Doctor-to-screen medical technologies are being accelerated by Verizon’s involvement in the Veterans Health Administration’s Innovation Ecosystem to help address COVID-19 and hospital needs.
Where once the family doctor would arrive in a buggy at a patient’s front door with leather bag in hand, looking to treat a sick mother or ailing child, now telehealth is transforming care delivery. With telehealth, physicians, clinicians and nurse practitioners can treat patients virtually from their own homes. Last year, online healthcare services were used by roughly 900,000 U.S. veterans.
That figure is expected to rise significantly given the acceleration of doctor-to-screen technology innovation within the Veterans Health Administration (VHA)—the medical component of the Department of Veteran Affairs (VA)—which is accelerating the effort to link physicians and nurse practitioners more closely to their patients, both at home and in the hospital.
High-speed 5G-enabled networks are key to these expanding capabilities. Recently, America’s first 5G hospital network was installed at the VA Palo Alto Health Care System in California, the result of the collaboration between the VHA’s Innovation Ecosystem (VHA IE), Verizon, Microsoft, and Medivis. This new high-speed capability helps support augmented reality within the operating room and may prove to help transform how doctors perform surgeries.
The HoloLens 2 mixed reality device from Microsoft will support augmented reality in the operating room. Photo: Courtesy of Microsoft
“Holographic visualization is the final frontier of surgical imaging and navigation,” said neurosurgeon and Medivis Co-Founder and CEO, Osamah Choudhry, in a statement.
Using this new FDA-approved system, surgeons can don a headset and visually immerse themselves inside a hologram that’s anatomically identical to the patient lying before him. Using the hands-free device, a surgeon can review critical data that’s been repurposed from a traditional two-dimensional image to a three-dimensional hologram. Doing so can give surgeons visual images to help them know how deep to make an incision, for example, how to navigate to a tumor, or rotate a 3D MRI image for a better view of a tumor.
To advance computer-assisted surgery, augmented reality (AR) is now being delivered to VHA operating theaters, and is bringing an array of high-definition visuals and changing the way surgeons interoperate and react with information.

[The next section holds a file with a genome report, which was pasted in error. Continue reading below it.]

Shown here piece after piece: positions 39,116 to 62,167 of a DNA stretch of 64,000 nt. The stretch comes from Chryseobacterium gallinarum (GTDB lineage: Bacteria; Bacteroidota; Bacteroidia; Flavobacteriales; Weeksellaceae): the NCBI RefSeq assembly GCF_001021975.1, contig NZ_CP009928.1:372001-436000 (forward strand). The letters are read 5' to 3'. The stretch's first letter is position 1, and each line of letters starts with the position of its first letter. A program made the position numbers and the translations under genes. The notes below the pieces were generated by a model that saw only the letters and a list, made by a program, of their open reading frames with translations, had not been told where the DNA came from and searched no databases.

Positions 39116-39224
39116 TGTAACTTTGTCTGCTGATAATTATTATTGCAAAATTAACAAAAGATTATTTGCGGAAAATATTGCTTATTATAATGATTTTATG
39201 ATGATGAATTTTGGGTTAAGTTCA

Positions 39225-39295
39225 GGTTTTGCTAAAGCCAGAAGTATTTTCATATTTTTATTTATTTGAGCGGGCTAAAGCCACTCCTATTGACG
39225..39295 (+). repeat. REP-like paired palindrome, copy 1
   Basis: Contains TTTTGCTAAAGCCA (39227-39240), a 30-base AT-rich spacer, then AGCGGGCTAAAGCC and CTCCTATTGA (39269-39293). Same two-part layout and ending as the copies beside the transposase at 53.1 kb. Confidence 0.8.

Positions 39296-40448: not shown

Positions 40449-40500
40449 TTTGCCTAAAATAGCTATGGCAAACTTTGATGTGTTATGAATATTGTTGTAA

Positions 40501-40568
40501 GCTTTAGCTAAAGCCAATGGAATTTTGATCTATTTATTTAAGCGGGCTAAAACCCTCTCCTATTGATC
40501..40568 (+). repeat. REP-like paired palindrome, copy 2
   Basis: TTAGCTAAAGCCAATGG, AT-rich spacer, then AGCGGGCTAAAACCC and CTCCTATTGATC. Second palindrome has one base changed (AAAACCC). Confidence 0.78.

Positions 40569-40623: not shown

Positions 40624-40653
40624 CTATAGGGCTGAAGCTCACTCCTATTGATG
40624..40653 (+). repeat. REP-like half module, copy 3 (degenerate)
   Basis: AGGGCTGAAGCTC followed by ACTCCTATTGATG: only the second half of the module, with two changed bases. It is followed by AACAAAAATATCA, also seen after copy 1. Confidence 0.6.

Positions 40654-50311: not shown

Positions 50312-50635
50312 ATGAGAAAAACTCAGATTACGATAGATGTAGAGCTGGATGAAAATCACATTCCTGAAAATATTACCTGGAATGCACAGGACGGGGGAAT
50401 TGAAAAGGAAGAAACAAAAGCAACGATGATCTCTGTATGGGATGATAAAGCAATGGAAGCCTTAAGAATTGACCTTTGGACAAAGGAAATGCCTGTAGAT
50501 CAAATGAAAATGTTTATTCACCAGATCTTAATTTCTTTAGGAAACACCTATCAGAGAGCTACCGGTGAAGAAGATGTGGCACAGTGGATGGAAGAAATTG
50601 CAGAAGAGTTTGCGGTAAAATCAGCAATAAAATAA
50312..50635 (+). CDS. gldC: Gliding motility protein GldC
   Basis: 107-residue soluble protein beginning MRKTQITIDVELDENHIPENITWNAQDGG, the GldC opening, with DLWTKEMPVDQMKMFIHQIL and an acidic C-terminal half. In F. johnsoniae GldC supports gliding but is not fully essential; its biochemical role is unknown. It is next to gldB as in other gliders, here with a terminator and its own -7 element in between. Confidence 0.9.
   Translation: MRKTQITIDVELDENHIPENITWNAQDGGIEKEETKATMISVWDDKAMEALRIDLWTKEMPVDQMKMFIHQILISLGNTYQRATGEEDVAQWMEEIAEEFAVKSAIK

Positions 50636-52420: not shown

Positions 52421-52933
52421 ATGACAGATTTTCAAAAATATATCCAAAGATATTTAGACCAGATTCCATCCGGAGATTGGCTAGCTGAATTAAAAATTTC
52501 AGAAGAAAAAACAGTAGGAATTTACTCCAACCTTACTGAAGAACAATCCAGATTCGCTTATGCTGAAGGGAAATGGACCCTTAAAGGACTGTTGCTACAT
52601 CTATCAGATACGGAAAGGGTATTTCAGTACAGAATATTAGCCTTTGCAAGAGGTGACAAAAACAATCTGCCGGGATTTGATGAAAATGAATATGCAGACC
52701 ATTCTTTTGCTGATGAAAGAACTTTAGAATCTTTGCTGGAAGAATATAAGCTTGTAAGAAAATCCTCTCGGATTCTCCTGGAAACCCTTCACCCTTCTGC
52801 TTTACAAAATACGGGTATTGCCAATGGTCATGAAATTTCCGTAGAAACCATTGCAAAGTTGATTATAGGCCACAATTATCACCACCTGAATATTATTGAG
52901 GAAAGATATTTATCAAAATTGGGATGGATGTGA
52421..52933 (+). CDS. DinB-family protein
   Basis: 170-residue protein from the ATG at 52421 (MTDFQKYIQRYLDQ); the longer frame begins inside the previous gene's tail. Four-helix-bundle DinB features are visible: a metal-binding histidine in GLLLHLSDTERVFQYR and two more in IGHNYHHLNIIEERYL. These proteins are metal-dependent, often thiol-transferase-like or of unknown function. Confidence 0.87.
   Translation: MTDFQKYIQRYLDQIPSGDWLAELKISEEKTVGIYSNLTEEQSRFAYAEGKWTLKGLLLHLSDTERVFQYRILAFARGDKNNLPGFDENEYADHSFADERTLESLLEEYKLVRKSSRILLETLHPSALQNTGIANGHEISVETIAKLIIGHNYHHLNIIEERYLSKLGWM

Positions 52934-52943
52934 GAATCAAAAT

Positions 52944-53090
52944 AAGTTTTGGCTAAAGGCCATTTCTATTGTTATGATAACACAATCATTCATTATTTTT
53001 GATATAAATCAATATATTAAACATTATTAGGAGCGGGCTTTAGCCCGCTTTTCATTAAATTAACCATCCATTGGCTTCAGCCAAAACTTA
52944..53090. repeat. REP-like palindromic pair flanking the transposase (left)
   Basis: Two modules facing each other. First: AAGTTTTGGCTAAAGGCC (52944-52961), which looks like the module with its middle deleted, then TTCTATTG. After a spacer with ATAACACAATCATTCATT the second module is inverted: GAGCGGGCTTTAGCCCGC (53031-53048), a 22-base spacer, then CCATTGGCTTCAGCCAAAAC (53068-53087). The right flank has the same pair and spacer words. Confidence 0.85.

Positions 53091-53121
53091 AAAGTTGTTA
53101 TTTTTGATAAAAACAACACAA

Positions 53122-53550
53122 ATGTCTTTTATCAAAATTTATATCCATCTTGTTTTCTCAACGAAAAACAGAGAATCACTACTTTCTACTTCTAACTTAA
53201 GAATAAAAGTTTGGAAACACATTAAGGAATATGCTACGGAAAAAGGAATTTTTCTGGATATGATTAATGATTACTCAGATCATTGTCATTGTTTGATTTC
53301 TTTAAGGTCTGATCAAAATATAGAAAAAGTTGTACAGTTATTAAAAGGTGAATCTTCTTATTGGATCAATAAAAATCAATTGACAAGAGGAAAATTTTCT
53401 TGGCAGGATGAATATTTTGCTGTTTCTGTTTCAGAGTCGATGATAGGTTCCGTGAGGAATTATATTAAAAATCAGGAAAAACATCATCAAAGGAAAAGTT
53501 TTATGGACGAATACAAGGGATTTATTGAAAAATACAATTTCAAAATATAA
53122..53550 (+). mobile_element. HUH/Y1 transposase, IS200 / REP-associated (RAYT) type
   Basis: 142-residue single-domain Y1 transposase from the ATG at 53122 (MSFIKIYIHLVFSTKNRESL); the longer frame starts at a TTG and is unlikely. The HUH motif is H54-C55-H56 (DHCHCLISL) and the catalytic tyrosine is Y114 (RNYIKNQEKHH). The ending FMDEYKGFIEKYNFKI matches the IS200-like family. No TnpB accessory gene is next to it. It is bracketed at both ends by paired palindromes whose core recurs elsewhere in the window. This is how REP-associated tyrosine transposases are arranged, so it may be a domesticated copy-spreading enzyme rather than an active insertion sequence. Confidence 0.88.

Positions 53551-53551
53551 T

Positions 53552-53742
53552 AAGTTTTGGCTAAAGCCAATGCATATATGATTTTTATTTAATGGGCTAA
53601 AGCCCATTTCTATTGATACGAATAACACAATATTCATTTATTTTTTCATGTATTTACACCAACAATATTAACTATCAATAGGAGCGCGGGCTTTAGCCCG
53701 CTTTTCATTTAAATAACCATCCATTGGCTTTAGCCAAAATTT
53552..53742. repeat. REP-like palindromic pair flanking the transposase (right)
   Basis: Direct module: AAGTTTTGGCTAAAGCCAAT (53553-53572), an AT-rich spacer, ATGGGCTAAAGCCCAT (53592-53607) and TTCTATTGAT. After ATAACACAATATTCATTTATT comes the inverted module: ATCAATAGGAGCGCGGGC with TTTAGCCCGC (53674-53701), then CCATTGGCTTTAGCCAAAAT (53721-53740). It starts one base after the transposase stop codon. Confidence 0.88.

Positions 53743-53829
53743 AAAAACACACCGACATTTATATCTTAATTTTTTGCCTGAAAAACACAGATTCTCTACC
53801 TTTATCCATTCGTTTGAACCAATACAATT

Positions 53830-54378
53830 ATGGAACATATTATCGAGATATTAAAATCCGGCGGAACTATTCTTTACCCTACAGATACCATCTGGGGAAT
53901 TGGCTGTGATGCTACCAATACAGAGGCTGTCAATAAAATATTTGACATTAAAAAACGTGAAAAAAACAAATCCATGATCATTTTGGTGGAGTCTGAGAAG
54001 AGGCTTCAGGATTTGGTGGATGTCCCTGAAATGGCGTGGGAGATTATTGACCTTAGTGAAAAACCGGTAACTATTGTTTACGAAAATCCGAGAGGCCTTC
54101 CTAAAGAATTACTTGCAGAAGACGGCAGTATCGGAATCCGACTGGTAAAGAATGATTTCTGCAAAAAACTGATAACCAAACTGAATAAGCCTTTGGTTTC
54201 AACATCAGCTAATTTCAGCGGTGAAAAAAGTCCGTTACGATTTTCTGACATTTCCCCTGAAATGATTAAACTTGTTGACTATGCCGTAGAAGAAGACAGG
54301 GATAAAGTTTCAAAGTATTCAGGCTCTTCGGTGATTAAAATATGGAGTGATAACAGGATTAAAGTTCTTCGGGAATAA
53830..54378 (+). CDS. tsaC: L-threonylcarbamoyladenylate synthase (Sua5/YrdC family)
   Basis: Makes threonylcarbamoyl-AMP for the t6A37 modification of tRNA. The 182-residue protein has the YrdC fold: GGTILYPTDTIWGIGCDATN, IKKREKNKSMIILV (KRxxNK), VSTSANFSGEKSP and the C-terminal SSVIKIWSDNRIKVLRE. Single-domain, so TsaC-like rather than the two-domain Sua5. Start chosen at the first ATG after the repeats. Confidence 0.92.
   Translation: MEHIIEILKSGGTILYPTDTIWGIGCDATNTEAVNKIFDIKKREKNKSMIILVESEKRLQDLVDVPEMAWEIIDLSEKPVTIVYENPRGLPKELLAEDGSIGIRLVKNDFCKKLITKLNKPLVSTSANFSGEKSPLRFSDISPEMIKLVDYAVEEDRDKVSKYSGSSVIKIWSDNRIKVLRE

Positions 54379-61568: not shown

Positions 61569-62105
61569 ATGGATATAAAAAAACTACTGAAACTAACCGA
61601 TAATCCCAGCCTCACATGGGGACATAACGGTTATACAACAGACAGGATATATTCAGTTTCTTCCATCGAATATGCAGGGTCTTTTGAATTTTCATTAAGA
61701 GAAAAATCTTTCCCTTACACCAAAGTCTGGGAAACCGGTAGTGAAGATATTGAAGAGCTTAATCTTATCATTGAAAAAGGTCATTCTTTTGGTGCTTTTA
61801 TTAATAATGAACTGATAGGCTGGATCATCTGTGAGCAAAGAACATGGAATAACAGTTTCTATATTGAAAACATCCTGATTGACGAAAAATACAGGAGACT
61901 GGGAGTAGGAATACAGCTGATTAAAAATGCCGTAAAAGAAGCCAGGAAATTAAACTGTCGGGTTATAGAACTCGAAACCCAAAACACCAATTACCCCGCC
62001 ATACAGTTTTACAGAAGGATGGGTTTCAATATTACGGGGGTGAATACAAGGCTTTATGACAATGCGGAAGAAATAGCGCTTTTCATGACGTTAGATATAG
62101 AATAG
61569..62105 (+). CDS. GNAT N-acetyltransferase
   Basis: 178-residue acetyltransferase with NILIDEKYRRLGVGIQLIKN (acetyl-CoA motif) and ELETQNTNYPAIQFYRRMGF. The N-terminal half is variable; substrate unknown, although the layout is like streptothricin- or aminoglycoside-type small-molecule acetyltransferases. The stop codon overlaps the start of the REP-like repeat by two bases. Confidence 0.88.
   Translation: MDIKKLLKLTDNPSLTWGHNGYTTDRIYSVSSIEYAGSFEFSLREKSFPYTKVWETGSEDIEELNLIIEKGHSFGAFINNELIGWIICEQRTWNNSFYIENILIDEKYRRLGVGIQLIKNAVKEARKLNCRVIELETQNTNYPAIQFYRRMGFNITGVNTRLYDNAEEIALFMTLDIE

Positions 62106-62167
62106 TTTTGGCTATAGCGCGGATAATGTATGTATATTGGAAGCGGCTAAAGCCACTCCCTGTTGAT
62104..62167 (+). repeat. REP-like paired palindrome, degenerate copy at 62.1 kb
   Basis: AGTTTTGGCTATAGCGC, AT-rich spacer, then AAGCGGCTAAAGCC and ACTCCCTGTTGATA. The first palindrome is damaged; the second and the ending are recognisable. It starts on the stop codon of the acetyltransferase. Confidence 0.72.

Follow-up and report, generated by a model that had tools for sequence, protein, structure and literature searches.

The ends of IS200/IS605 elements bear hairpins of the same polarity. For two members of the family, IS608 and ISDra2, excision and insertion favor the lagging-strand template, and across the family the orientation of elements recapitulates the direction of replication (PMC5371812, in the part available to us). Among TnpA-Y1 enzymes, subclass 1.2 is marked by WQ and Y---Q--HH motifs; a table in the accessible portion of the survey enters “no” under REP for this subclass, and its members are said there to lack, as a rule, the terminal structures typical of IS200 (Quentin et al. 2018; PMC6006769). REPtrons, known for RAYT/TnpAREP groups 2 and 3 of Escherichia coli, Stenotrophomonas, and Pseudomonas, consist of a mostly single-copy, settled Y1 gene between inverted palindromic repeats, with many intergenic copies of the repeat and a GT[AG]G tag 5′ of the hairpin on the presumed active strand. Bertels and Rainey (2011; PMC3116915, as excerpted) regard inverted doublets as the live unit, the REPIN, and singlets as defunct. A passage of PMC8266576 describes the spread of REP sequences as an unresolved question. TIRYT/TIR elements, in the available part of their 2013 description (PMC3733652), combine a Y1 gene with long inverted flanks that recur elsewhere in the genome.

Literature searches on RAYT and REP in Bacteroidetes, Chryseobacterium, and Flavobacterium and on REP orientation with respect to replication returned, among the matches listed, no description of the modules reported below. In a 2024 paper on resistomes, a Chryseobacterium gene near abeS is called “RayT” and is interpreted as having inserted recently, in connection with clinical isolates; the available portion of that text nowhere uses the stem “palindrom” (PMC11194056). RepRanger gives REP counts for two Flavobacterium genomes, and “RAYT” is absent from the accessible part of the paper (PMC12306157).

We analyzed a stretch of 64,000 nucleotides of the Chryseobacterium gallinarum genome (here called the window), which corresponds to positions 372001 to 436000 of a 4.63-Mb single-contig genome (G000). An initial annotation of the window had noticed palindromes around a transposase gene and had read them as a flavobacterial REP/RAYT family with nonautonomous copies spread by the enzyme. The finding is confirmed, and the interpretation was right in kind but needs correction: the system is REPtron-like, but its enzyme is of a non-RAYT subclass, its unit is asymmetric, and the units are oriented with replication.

Brian Weaver, Senior Manager of Business Development at Verizon
“These are amazing times,” said Brian Weaver, senior manager of business development for Verizon. “We’re now living in one of those inflection points in our industry.”
As AR evolves into a more immersive computing experience, it can also significantly advance our ability to perceive and interpret information. It’s predicted that the process of transferring vast amounts of data will focus tightly on the optic nerve. The human brain processes images 60,000 times faster than text. With 90 percent of information typically conveyed visually rather than through oral or auditory senses, the potential for high-speed data is enormous.
“It’s the reason we say ‘a picture’s worth a thousand words’,” remarked Weaver.
The Enabler for Telehealth
The new era of the visual Internet will arrive on next-generation 5G networks running at speeds 10 times faster than their 4G counterparts. This brings new opportunities to veterans across the interdisciplinary fields of medicine from cardiology to neuroscience, piped directly into emergency room and operating room environments.
“What 5G will deliver is richer, more detailed, three-dimensional images of the patient’s anatomy with resolution so clear and consistent that it will give us reliable use of important telesurgery services for veterans across the nation,” said Secretary of Veterans Affairs Robert Wilkie, speaking recently at the National Press Club in Washington, D.C. “That means reliable capacity to allow the VA’s best physicians to consult during surgery even when they are not in the same room or are halfway across the country.”